My images and legends travelogue contains additional images, as well as legends of the Jewish community and further more detailed discussions of this most special place.

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  • iwys's Profile Photo

    Old Jewish Cemetery

    by iwys Written Dec 12, 2004

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    Old Jewish Cemetery

    The Old Jewish Cemetery, or Stary Zidovsky Hrbitov, has been in use since the early fifteenth century. It is the second oldest Jewish cemetery in Europe.

    Inside there are 12,000 headstones crammed into a tiny area, and it is estimated that more than 100,000 people have been buried here, in places 12 deep, as the Jews of Prague were not allowed to bury their dead ouside of the Jewish ghetto. The tombs include those of Mordecai Maisel and David Oppenheimer.

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  • sandysmith's Profile Photo

    Jewish Cemetry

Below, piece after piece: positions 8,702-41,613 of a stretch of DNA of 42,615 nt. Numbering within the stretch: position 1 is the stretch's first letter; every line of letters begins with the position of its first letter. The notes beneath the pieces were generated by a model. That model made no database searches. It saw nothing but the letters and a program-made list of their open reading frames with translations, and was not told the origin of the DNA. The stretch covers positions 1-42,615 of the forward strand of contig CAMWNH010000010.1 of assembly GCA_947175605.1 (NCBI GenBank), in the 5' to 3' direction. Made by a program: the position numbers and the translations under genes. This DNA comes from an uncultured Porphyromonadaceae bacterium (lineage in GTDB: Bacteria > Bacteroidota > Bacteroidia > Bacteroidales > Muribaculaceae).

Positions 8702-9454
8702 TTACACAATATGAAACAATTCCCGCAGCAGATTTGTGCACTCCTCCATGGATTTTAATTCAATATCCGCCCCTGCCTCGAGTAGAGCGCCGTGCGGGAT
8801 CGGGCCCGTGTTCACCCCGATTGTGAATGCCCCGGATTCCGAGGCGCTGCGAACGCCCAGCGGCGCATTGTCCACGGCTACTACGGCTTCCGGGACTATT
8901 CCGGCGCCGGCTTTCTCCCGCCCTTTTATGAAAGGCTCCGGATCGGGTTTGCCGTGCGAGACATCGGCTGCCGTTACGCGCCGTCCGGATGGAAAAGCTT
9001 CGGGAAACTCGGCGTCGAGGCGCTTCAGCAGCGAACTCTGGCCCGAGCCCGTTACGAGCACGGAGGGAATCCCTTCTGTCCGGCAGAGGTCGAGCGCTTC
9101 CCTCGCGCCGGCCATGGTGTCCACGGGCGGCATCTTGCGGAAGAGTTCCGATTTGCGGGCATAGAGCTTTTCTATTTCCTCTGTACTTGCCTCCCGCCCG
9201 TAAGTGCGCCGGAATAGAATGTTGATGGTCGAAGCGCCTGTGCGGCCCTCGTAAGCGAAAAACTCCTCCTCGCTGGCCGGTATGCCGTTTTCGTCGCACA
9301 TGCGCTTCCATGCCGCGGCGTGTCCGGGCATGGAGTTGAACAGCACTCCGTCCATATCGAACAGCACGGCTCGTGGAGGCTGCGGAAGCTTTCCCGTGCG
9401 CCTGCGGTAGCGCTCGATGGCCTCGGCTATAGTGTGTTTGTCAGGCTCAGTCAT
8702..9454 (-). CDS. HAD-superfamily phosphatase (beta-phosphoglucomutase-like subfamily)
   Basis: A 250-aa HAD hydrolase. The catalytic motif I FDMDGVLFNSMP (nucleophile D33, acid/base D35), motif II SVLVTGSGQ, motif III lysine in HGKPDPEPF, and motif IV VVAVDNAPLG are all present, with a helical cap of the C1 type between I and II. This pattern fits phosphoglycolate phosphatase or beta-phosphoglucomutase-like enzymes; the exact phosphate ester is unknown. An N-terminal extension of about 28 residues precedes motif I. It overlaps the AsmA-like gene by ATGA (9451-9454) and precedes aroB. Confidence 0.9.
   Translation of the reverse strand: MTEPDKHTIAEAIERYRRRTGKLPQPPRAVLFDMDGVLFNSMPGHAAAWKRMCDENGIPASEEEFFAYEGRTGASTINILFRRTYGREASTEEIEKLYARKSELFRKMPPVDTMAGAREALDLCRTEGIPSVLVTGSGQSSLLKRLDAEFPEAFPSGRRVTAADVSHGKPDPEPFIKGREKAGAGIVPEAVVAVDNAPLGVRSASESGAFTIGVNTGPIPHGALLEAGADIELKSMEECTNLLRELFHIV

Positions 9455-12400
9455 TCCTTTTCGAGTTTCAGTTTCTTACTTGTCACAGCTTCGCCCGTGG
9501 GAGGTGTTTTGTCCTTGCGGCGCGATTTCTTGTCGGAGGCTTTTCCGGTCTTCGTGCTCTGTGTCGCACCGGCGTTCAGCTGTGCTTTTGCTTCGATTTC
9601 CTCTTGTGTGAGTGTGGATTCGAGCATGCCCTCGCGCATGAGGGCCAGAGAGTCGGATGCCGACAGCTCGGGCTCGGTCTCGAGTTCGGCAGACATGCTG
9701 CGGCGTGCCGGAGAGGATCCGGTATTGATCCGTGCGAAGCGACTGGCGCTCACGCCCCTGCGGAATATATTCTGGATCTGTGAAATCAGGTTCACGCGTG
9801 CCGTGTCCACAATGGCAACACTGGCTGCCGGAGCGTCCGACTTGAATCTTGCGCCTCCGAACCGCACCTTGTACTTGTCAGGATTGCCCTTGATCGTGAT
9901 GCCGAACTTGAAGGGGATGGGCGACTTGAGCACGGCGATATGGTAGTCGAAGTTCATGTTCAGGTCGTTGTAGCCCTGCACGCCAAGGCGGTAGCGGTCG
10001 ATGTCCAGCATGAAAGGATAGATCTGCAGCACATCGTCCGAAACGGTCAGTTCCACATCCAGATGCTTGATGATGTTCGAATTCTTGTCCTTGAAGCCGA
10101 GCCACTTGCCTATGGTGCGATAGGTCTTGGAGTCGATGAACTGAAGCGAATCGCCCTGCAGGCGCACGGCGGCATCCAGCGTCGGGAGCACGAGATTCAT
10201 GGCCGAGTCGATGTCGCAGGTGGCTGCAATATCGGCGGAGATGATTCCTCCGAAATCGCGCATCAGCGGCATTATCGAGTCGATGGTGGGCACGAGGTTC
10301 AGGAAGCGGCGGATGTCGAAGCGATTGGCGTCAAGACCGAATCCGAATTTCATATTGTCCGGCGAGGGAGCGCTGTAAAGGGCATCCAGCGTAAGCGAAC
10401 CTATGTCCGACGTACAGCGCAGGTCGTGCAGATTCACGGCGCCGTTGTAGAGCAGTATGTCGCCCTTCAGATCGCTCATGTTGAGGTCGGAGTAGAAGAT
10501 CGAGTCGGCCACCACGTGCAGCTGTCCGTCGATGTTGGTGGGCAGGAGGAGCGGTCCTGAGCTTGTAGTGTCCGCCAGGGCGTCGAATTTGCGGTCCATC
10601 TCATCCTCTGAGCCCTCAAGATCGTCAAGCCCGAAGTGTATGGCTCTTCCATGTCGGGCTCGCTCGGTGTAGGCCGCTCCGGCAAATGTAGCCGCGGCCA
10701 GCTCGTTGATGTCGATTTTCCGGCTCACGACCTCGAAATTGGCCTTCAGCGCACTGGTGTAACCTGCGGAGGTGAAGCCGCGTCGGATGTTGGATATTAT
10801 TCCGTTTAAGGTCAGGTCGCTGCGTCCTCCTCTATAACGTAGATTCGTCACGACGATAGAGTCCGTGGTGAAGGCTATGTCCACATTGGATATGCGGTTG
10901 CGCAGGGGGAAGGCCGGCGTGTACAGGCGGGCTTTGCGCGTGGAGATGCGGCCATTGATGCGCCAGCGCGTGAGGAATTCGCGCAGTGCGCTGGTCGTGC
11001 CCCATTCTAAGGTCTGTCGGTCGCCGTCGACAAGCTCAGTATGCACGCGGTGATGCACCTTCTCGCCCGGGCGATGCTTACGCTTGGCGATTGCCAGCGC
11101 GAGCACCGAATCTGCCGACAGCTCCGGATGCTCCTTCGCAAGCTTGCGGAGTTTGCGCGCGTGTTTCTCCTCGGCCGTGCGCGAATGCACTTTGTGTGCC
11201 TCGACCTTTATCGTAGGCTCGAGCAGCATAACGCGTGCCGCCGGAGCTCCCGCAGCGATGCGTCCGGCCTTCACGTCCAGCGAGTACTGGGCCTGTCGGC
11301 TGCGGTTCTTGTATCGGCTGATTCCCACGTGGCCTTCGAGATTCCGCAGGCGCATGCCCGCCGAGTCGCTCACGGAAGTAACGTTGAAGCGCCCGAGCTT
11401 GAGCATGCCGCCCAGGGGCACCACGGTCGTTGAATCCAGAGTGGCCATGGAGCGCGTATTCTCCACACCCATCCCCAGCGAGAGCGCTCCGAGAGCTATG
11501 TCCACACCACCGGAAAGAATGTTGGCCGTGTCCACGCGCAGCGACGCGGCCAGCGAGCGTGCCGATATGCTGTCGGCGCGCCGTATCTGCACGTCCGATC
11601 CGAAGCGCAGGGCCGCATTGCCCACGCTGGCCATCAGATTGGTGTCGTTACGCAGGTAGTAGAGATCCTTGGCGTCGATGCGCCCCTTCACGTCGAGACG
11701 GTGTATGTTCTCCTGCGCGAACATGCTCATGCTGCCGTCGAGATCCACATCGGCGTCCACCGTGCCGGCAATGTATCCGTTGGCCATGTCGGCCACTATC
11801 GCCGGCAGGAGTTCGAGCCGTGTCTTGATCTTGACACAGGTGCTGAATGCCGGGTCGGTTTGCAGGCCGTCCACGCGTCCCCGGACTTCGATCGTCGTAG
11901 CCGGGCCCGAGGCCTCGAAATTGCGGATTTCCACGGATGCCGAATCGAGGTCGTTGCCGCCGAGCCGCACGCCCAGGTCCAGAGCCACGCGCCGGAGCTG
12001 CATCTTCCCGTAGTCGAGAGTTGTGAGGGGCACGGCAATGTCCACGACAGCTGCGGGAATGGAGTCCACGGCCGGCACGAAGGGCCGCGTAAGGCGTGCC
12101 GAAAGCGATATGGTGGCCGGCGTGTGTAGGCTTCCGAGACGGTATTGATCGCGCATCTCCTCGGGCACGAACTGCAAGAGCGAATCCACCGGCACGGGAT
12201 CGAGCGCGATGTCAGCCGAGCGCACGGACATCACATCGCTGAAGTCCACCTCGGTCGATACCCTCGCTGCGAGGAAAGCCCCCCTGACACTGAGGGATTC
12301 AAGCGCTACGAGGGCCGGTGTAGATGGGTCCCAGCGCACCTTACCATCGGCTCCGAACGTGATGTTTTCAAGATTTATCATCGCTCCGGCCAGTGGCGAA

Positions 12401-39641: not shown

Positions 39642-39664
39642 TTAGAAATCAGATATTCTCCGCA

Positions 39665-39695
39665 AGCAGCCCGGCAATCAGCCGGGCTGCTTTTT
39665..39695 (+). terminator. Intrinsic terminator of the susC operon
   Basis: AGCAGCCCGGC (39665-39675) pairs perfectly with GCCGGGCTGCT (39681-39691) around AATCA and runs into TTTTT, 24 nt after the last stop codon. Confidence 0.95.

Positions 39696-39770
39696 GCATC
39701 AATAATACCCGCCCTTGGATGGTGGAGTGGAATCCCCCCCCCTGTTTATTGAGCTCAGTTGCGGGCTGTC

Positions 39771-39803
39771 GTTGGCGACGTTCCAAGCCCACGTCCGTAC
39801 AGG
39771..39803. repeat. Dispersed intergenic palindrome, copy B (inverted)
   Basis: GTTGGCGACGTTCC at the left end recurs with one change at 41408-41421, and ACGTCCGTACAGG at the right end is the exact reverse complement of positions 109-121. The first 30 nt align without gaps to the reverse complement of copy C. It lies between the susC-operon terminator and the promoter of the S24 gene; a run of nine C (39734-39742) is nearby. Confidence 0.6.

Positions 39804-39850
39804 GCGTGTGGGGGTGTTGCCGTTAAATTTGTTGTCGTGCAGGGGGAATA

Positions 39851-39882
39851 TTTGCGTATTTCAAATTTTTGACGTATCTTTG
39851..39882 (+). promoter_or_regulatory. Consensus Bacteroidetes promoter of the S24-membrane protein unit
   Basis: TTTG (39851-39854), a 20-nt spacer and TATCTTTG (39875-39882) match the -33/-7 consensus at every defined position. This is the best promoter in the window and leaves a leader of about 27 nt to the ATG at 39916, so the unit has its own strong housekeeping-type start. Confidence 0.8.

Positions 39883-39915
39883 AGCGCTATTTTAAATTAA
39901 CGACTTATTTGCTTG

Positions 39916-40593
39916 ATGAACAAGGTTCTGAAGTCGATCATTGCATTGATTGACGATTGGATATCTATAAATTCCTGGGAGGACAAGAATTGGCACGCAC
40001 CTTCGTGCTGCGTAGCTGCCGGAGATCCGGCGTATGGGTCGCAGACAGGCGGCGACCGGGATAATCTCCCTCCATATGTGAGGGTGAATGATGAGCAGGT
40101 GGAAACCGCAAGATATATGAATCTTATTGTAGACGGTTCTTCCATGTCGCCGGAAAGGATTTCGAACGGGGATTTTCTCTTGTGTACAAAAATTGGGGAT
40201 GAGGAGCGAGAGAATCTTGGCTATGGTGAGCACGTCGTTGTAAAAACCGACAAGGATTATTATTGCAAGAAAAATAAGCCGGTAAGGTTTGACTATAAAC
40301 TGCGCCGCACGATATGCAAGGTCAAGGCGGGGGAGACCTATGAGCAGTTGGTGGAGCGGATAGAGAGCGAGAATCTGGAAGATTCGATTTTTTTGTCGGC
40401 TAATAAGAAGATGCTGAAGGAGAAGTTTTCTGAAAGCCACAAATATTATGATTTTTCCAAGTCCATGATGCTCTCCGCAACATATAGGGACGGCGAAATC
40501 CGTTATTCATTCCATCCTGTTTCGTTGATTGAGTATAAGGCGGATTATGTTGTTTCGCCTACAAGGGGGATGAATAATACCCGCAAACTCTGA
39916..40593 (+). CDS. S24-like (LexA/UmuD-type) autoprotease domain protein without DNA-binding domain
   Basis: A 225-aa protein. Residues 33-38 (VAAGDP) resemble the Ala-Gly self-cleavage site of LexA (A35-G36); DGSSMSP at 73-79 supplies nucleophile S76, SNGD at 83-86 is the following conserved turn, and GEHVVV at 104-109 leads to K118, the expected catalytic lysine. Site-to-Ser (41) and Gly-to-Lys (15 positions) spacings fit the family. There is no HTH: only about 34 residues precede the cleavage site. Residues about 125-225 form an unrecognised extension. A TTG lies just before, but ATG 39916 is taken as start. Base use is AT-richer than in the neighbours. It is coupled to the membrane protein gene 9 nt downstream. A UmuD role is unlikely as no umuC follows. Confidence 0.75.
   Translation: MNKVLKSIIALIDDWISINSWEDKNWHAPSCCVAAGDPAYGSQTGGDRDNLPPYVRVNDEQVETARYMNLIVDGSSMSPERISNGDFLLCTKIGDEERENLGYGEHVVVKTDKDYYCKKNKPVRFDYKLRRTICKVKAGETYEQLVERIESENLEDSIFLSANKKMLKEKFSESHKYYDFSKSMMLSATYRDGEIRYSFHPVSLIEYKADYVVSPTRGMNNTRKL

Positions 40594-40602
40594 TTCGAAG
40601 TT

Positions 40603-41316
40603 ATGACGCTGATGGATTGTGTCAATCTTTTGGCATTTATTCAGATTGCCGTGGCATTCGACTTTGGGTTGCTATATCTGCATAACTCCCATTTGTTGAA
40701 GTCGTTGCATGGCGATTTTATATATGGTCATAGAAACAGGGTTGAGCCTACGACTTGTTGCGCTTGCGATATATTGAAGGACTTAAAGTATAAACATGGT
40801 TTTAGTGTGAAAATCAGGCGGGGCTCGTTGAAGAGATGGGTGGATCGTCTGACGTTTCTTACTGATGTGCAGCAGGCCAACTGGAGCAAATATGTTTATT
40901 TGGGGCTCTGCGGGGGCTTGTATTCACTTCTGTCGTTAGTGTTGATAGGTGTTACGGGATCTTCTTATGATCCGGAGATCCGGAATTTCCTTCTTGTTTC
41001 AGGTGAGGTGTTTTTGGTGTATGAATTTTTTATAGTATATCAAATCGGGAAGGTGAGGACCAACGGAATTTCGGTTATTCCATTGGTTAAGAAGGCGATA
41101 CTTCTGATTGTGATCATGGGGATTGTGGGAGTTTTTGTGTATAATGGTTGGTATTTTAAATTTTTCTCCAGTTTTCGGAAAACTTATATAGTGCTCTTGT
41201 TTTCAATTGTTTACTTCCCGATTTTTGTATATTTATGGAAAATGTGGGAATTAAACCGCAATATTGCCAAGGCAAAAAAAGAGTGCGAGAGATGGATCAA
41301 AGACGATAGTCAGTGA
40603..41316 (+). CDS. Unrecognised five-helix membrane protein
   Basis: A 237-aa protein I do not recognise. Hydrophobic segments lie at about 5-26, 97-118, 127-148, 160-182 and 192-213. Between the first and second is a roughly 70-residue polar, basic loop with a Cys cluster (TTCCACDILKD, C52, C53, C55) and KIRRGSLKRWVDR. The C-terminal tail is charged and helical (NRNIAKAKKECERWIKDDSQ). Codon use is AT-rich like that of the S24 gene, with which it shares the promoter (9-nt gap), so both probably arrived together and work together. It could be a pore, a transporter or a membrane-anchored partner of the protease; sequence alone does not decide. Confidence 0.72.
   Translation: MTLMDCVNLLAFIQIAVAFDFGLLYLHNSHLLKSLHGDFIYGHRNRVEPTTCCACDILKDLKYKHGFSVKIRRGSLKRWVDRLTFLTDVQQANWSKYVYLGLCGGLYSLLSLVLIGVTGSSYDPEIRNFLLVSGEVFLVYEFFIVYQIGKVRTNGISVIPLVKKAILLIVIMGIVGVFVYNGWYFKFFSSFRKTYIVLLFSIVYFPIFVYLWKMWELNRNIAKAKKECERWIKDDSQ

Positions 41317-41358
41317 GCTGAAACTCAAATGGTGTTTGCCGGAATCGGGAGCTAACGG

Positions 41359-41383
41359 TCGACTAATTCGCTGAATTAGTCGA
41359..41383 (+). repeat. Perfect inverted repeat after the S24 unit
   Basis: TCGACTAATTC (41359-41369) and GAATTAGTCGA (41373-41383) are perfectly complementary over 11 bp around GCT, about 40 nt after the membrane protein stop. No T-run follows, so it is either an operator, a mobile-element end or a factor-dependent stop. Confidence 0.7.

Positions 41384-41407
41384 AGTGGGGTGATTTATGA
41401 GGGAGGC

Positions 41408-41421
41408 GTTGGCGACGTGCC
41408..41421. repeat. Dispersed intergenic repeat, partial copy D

by sandysmith Written Apr 12, 2004

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    jewish cemetry

    Well we paid 200 CZK to see inside the old new synagogue I was loathe to pay another 300 CZK just to see the cemetry I'd read about - I wasn't really into seeing the other synagogues and there were big tour groups going around at the time too. (You can book half day tours just for these if you wish).
    Anyway we walked around the walls of the cemetry and came across a gap where we could peep in and get a view of those famous gravestones crowding out each other. I went away happy with my pic for free :-)